For all the human suffering and economic impact caused by corona, there’s one thing that has just surprised me over and over again these last weeks: companies and professionals just adjust and adjust quickly. Teams and departments that were stuck in old ways of working suddenly have found that it’s entirely possible to work in a remote setup.
During this week’s Software Center steering committee meeting, all the companies present shared how they kept the business going despite everything. Those developing software, meeting customers or doing administrative work were working from home, but things were progressing. Those that required access to complex machinery or worked in manufacturing were still at the company but had taken measures to protect against infection to the best extent possible.
All these new work setups required everyone to spend time adjusting, required some more infrastructure in some cases and gave IT departments a busy time. But after the first week or so, most people got into the groove and things seem to be moving forward at largely the same rate of progress.
Now, I’m not at all implying that the current situation is ideal. Some companies have shut down or are working at 40-60 percent of capacity. Many experience loneliness due to the lack of human contact. And for all the video conferencing in the world, nothing beats standing together in front of a whiteboard during a brainstorm session. My point is that we’re able to push forward, to conduct R&D, to drive sales and to keep things going to a much larger extent than what I’d initially feared.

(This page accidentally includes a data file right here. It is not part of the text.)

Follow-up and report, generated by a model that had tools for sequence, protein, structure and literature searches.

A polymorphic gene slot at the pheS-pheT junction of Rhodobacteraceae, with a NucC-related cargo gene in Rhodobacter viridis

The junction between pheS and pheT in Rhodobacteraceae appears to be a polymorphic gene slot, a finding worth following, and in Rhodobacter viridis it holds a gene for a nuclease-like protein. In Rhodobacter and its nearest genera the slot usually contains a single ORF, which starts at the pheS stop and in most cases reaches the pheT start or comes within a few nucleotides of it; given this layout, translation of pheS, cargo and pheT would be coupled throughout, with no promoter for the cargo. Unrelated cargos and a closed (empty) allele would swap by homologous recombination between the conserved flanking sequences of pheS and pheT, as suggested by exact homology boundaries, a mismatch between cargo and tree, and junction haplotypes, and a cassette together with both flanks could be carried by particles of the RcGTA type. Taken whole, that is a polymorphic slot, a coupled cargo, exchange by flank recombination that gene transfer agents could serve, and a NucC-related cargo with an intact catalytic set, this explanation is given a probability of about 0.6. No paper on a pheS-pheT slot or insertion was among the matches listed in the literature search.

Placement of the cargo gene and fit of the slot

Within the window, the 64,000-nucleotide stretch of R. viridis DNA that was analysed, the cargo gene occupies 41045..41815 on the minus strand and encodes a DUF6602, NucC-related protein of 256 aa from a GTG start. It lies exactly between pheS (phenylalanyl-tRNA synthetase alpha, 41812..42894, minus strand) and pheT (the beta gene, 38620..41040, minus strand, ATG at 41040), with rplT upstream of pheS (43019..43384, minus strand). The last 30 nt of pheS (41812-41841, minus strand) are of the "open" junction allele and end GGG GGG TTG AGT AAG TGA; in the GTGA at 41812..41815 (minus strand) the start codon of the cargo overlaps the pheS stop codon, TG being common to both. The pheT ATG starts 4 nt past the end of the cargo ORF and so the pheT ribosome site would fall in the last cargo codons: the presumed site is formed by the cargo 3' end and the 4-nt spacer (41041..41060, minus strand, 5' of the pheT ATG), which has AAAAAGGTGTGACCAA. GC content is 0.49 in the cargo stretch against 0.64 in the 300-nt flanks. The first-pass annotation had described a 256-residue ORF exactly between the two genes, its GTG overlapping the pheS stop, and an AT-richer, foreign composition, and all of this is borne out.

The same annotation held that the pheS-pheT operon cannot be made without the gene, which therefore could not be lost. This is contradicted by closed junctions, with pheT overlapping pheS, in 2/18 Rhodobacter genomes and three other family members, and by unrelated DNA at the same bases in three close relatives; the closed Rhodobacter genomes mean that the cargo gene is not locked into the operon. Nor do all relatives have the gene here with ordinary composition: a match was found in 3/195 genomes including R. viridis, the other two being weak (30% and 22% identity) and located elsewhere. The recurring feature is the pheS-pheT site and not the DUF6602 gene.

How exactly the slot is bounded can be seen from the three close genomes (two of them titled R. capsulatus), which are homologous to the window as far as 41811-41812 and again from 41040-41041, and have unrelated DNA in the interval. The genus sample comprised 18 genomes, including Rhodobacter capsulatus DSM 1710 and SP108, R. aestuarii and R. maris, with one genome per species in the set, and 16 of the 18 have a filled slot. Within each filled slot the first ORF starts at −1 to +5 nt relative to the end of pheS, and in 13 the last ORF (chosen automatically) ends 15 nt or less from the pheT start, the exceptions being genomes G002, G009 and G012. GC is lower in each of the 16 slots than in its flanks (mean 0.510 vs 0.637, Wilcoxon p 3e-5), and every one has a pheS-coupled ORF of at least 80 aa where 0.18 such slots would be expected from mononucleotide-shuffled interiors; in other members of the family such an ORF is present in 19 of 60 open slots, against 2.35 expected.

And, of course, there’s the notion of digitalization. Changes in working behavior, interactions with customers, activities that were viewed as simply requiring physical presence have now digitalized at a phenomenal pace. Necessity is the mother of invention and it’s clear that things that were considered impossible or at least sub-par are suddenly entirely possible and will soon be the norm.
As a leader, you now have a choice to make. Either you change as little as possible with the intent of changing back to the old ways of doing things as soon as possible. Or you use this opportunity to drive as much change as possible and use this as a springboard for accelerating all kinds of changes in your organization, ranging from the business models, interactions with customers and the way sales is conducted to the way you conduct R&D, what and how you automate processes and where you use humans. As the saying goes: Never waste a good crisis!